In a white dress shirt, sans tie, Culberson shook off the compliment. First elected to Congress in 2001, he started agitating for a Europa mission only a few years later during the presidency of George W. Bush. The White House wasnt having it. At the time, an already cash-strapped NASA was shoveling every spare dollar into the Constellation Program for human exploration, which would ultimately go nowhere.

By the time Barack Obama won his second term in the White House, Culbersons seniority and membership on the House Committee on Appropriations allowed him to begin providing limited funding for a Europa mission. (Scientists have long had Europa atop their wish-list, but NASA leadership had been hesitant to take on such an ambitious, costly program). At the end of Obamas presidency, Culberson had risen to chair of the Appropriations subcommittee that sets NASAs budget, and the Europa Clipper had become an official NASA program.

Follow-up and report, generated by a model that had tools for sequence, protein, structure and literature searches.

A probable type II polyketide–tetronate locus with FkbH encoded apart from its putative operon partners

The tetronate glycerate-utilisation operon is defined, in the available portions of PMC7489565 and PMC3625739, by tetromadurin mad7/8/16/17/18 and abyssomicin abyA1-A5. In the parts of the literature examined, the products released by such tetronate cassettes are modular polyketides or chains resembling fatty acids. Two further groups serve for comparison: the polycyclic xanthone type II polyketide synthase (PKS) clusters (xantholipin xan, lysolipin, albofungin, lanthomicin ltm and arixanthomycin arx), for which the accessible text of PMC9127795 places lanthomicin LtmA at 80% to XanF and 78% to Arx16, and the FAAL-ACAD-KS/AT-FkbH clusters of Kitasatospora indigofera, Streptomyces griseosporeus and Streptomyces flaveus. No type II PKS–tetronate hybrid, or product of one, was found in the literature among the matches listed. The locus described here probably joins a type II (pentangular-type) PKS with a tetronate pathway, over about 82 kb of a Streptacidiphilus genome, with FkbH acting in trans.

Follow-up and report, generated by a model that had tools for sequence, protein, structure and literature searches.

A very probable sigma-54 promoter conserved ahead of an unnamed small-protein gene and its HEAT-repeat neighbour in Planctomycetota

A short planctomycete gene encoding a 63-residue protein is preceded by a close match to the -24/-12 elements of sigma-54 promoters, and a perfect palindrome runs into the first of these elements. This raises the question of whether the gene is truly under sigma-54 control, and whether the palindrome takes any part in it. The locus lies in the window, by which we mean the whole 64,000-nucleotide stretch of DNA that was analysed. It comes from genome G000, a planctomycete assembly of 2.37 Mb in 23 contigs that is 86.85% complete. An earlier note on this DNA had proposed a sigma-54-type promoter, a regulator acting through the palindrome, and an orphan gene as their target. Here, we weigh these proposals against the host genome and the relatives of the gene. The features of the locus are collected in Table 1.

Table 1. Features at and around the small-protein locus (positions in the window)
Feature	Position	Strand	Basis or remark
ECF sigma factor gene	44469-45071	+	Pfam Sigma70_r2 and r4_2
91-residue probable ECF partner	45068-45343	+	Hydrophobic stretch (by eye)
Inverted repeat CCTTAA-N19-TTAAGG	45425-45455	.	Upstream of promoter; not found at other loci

Culberson loves space. He views planetary exploration and the potential for finding life elsewhere in the Solar System as the most enduring legacy he can leave behind for humanity. Since last summer, however, Culberson has focused on securing funding for victims of Hurricane Harvey, which dropped four feet of rain on Houston and ranks with Hurricane Katrina as the costliest storm to ever hit the United States. Some of his own family members had only just moved out of a trailer back into renovated housing. But on this Friday, he had come to California to see how the Clipper mission was doing, as well as a follow-on mission to land on Europa.